02 Oct 2022

Tipperary property: Nenagh hit by supply shortage and no new developments in sight

REA chair wants tighter time frames

Tipperary property: Nenagh hit by a shortage of supply says REA chair Eoin Dillon

Eoin Dillon, new chair of REA Alliance

While the property market in Nenagh and surrounding areas is “going OK”, there is a shortage of supply, according to the newly-appointed chair of REA Alliance.

And Eoin Dillon of REA Eoin Dillon said that, with no new housing development at present, and none likely in the next two years, prices were rising.

“There has been a 10 per cent on average rise every year since 2015, and that looks likely again next year,” the Kenyon Street auctioneer told the Tipperary Star.

Mr Dillon was named as the national REA Alliance group's chair at their agm in Nenagh.

He further revealed that there was a shortage of rental accommodation in the local rental market, which he described as “strong”.

“Very few tenants are moving out, and when they do, generally, friends move in,” he said.

The auctioneer doesn't see any improvemet in either the buying or rental markets until builders start building again.

“Builders won't build because the cost is too high and they can't make a profit. If they were building, you would have investors buying and you have people to rent,” he said.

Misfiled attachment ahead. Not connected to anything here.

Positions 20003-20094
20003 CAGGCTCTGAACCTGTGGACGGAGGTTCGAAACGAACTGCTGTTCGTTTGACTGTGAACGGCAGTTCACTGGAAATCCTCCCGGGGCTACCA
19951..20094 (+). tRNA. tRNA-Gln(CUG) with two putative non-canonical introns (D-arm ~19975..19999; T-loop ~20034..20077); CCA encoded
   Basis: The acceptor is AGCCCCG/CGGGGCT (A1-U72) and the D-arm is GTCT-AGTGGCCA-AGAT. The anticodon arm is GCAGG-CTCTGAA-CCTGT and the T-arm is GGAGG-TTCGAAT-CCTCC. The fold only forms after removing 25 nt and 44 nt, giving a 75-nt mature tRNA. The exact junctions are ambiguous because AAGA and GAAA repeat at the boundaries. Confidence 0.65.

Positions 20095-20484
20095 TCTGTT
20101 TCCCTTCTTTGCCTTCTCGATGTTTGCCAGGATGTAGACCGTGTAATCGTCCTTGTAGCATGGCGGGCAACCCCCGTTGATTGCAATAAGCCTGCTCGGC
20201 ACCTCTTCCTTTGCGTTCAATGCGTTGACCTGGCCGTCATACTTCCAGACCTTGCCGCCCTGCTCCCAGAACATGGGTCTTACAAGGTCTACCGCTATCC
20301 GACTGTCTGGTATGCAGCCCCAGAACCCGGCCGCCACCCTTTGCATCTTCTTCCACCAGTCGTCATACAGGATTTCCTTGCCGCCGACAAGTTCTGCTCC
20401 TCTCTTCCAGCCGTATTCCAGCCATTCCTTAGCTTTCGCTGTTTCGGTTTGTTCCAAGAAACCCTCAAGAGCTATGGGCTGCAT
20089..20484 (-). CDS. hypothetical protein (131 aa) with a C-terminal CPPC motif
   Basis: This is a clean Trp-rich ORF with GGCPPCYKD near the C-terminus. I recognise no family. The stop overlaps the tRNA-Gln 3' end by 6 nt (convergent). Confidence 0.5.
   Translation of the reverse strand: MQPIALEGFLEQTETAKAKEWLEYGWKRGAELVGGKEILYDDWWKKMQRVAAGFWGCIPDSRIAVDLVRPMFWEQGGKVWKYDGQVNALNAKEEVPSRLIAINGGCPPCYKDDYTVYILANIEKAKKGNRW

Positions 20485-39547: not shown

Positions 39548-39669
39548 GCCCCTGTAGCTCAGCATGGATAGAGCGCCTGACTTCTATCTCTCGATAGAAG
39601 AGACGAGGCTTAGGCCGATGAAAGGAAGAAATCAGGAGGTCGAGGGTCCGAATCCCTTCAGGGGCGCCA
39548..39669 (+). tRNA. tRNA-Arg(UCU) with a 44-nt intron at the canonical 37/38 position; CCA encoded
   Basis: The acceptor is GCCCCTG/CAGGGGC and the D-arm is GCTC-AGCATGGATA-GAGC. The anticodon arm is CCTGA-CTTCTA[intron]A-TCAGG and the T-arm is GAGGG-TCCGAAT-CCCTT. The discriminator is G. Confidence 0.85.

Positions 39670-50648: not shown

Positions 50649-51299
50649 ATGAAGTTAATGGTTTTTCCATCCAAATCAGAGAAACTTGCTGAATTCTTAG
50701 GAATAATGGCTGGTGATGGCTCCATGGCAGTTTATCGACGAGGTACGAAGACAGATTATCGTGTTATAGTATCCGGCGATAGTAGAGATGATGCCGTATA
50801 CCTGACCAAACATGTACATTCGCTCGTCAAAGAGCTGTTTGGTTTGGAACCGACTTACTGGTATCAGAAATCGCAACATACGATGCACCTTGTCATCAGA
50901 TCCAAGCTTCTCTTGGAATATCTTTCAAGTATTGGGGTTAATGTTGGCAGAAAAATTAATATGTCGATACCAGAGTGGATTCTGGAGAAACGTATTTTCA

Mr Dillon said he would expect a “reasonably priced” property to sell within three weeks, but criticised the delay in closing sale.

“You can have an overnight sale, but it can take up to three months to close,” he said.

The new chairman wants this tightened back to six weeks or even one month.

Pointing to the effect of online transaction options on cutting delays, he said: “Some solicitors won't like that. It probably means they can't charge as much and they may feel some of the power is being taken away from them.”

Meanwhile, in relation to commercial property in the area, he said that there were “virtually no tenants for commercial property”.

Mr Dillon said commercial transaction were “practically dead” and what was coming was from service industries such as haridressing.

“There is an awful lot of vacant first floor space,” he pointed out.

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